Tag: Free Speech

University and Free Speech – Hope for the Future?

 

Lately, I’ve seen a few encouraging stories about a shifting perspective about free speech on university campuses. Some of the shifts are unhelpful, but others suggest that the leadership of universities is finally recognizing the significant role their institutions can play in supporting and perpetuating free speech.

At first glance, some stories are not positive. A few universities are trying to charge a “security fee” to groups who are inviting what the university defines as “controversial speakers.” Needless to say, the administrators are the very ones who decide that a given speaker is controversial, immediately suggesting that trouble will be brewing before and during a presentation. The University of Alabama imposed a fee of $7,000 on the College Republicans chapter that was hosting Milo Yiannopoulos in 2016. Just before the event, the university revoked the fee with the statement, “the University of Alabama supports free speech and welcomes diverse speakers to our campus. As with all speakers, the views of Mr. Yiannopoulos do not necessarily reflect the views of the University.” It was a wise choice since the chapter could not afford the fee and would have had to cancel the event.

More
Ricochet Member Recommended FeedRecommended by R> Members

“Truth Conquers All,” or Does It?

 

Lindsay Shepherd is a teaching assistant for a communications course at Wilfrid Laurier, a Canadian university whose motto translates to “Truth conquers all.” She showed her class a debate that involved Jordan Peterson and others regarding gendered pronouns that had previously aired on Canadian television. She presented the video without comment, although she later revealed that she disagrees with Prof. Peterson’s position on the issue. However, a “gendered violence” complaint from her class was lodged, triggering a review, and Ms. Shepherd was reprimanded.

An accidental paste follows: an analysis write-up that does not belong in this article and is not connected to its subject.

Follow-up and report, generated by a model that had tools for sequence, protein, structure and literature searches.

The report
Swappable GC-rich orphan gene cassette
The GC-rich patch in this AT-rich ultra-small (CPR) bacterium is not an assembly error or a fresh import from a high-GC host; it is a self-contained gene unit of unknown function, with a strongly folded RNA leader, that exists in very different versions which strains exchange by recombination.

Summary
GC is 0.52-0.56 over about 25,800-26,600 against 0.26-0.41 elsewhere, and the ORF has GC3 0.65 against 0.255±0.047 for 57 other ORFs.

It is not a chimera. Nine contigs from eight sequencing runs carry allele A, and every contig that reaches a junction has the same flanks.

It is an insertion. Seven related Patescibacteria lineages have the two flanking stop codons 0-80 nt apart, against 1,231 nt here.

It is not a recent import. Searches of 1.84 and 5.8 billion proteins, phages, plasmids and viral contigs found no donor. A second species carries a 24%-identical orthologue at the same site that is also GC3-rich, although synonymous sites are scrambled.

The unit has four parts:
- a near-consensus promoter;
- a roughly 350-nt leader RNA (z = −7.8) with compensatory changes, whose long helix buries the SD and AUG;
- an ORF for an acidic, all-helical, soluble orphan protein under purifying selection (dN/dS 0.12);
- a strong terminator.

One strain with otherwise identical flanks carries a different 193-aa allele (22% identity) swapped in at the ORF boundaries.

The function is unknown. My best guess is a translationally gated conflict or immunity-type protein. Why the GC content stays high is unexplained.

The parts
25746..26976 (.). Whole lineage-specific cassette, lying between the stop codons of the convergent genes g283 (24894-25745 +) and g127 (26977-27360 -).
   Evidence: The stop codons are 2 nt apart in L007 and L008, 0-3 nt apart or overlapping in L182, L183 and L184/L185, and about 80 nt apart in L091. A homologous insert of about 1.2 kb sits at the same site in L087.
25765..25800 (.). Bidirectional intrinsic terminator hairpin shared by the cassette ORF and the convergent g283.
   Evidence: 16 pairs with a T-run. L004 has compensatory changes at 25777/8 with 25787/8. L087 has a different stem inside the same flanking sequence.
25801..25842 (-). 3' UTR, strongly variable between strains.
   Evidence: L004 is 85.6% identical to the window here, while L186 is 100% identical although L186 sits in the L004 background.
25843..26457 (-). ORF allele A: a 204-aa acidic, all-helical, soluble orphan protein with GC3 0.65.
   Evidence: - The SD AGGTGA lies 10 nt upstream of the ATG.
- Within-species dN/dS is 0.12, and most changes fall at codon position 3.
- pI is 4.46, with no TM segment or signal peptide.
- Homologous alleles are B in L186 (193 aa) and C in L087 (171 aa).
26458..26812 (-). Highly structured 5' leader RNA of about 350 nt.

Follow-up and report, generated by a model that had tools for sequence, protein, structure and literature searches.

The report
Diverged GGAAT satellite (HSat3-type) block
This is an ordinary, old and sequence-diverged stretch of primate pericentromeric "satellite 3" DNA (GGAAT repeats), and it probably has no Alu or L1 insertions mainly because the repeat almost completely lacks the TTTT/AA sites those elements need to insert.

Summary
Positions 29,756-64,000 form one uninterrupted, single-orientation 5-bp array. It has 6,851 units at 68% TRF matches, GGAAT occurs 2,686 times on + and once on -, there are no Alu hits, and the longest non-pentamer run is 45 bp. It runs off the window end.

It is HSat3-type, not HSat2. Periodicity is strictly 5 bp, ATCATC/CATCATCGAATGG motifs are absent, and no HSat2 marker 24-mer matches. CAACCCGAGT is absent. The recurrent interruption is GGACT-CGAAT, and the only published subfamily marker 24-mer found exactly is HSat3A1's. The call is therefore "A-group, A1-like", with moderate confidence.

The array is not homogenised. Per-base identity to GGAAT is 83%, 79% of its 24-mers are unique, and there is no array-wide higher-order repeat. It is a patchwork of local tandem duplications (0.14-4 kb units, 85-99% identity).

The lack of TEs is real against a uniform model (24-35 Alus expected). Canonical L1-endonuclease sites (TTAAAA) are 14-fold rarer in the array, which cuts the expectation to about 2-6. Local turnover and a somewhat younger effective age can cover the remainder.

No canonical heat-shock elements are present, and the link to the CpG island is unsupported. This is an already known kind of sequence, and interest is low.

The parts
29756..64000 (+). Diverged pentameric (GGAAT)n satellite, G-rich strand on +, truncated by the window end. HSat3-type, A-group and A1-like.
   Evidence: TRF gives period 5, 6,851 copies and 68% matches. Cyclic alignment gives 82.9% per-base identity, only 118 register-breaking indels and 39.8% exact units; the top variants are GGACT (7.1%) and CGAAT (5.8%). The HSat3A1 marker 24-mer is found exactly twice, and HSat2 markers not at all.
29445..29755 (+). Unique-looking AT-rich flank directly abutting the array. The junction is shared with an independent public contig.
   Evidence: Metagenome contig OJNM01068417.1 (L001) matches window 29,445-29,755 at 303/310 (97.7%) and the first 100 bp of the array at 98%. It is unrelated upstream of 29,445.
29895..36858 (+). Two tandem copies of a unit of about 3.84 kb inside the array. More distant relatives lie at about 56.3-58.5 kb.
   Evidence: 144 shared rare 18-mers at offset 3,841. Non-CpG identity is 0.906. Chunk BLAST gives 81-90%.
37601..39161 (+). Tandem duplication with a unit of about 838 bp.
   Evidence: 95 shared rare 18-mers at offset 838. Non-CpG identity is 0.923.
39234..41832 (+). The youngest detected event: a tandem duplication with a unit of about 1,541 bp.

Her transgression? According to her supervising professor, Prof. Rambukkana, Ms. Shepherd failed to take sides prior to showing the videotape, and that “created a toxic climate for some of the students.” Rambukkana also stated, “This is like neutrally playing a speech by Hitler,” representing just one of several references to Nazi Germany made by himself and other authority figures at the meeting.

More

Freshmen, Not Faculty Taking Back Reed College from SJWs

 

Reed College in Portland, OR is yet another liberal-arts school being victimized by illiberal progressives. Their Humanities 110 class, required for incoming freshmen, has been targeted by angry social justice warriors calling themselves Reedies Against Racism (RAR).

The group insisted the silly Steve Martin song, “King Tut,” be banned from the classroom since it is, of course, racist. RAR claimed “the gold face of the saxophone dancer leaving its tomb is an exhibition of blackface” so it was verboten to discuss.

More
Ricochet Member Recommended FeedRecommended by R> Members

It’s All Unraveling (And Why That’s a Good Thing)

 

Michael RamirezAmerica, tired of being lied to by its coastal betters, chose a President to tear it all down to the studs, from where a more hopeful and stronger country could rise again. Much of the anger that brought Donald Trump into office was certainly directed toward Washington DC’s elites, but also our cultural pillars. With a $20 trillion national debt, politicians had been Weinsteining their constituents for decades and people of both parties have had enough of the D.C./entertainment/sports/media complex.